TBEX: I’ve never attended TBEX, but I know a million people who have. Lia even spoke at one recently! While reviews are often mixed for the sessions (many agree it’s mostly helpful to newer bloggers), I’ve consistently heard great things about how TBEX is perfect for networking and meeting people. They usually do a few events each year in different parts of the world, so check their website for the latest.

Traverse: I recently attended my first Traverse in May and it was a lot of fun. The sessions are pretty varied so can find something to attend regardless of your level or what you’re interested in (creative things, techy things, business things, etc.) The great thing is they have a lot of social events so you have a lot of opportunities to mingle with fellow travel bloggers (usually over an open bar, eyyyy).

TravelCon: TravelCon is brand new to the travel blogging conference scene, but I’ve heard nothing but great things about it. Just a look at their speakers list from last year is enough to create a waterfall of incessant drool. What I love is they have big names not just from the travel blogging sphere but also industry experts and speakers from other industries too.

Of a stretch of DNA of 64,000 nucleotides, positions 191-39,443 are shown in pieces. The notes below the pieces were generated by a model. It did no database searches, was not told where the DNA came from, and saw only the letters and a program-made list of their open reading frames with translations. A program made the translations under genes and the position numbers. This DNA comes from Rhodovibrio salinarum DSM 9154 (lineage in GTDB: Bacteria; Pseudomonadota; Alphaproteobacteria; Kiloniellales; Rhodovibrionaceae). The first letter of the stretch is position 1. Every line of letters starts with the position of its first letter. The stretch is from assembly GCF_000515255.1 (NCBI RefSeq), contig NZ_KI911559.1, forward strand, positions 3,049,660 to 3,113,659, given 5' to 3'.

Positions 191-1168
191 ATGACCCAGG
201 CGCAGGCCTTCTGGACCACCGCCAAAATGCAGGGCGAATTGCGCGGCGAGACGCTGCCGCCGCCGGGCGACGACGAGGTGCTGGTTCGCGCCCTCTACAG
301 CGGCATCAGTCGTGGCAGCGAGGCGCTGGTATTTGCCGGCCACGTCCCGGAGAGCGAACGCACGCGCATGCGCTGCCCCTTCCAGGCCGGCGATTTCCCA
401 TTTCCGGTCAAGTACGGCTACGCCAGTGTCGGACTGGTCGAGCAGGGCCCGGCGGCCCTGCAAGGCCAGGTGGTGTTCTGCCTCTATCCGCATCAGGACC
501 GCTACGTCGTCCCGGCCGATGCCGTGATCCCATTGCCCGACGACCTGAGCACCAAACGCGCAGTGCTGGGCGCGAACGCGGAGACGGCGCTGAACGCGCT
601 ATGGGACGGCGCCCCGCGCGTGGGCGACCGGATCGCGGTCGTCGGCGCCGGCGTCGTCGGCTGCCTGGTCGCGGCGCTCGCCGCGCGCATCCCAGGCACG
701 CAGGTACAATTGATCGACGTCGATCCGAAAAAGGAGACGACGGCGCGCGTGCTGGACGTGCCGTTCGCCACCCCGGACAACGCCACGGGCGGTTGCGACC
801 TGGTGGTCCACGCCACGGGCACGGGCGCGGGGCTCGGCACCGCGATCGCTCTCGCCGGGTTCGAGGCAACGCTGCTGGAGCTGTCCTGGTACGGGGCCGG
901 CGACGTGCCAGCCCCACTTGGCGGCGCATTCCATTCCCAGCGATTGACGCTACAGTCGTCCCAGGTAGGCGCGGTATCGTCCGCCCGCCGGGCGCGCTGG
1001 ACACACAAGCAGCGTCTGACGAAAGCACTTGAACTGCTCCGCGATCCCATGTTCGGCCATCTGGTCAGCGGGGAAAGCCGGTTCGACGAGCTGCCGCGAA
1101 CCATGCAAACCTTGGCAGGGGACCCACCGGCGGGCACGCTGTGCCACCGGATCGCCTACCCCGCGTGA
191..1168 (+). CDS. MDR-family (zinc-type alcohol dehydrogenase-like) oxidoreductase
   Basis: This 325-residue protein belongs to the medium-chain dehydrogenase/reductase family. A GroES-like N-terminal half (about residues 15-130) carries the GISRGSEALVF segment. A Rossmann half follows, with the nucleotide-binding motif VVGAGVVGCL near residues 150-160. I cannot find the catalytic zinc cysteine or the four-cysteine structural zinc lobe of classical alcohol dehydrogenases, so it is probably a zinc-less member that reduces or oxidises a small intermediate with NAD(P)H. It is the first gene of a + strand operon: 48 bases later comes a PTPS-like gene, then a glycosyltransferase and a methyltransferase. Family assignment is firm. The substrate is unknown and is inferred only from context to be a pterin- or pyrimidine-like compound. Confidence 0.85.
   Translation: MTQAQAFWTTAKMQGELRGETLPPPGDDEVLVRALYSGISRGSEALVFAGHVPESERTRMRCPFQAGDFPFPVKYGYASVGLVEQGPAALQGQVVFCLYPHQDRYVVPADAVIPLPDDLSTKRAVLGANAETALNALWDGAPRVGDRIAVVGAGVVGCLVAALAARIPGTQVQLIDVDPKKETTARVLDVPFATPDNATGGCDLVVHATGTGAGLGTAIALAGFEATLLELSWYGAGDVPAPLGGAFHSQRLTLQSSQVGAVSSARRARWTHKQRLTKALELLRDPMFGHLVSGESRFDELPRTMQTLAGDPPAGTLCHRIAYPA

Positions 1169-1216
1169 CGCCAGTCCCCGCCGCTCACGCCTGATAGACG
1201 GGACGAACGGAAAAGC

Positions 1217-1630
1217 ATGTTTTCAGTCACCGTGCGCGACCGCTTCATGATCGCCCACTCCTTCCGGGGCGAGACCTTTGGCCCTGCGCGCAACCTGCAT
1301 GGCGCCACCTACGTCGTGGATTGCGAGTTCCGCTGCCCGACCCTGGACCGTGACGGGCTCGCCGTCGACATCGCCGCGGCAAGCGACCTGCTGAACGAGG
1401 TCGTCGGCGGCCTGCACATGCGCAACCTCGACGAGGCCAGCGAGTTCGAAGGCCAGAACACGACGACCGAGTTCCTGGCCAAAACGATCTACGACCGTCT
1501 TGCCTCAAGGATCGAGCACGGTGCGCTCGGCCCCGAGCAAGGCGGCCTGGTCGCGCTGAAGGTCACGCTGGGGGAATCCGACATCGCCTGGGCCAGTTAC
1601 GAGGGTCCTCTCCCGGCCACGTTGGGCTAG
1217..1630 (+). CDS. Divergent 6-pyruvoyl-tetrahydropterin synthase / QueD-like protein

Social Travel Summit: This is a smaller conference that enables “the world’s leading online travel influencers and travel industry decision-makers meet to share, learn and develop best practices and collaborative success in travel marketing and publishing.” I’ve heard a lot of great things about this conference, especially about its more intimate setting and the quality/diversity of sessions.

Women’s Travel Fest: While not specifically geared towards content creators, the Women’s Travel Fest has a broader goal to “connect women passionate about travel”, which yes, includes travel influencers!

Women in Travel Summit: Branded as “the premier event for women travel influencers, creators and brands”, I’ve heard great things about this female-only conference, specifically that it’s a great opportunity to connect with likeminded content creators and make new friends.

“Coffee chats”

It’s no secret that we travel bloggers love a good bit of exciting things like “hiding behind our laptops” and “avoiding human contact”. Sadly, this is an ineffective way to make connections.

While groups, meet-ups and conferences are all great ways to meet people, nothing beats a 1 on 1 connection, which is why you should consider in-person “coffee chats” as a networking option.

This is exactly what it sounds like, a casual chat over coffee, usually instigated by sliding into DMs or via awkward LinkedIn message.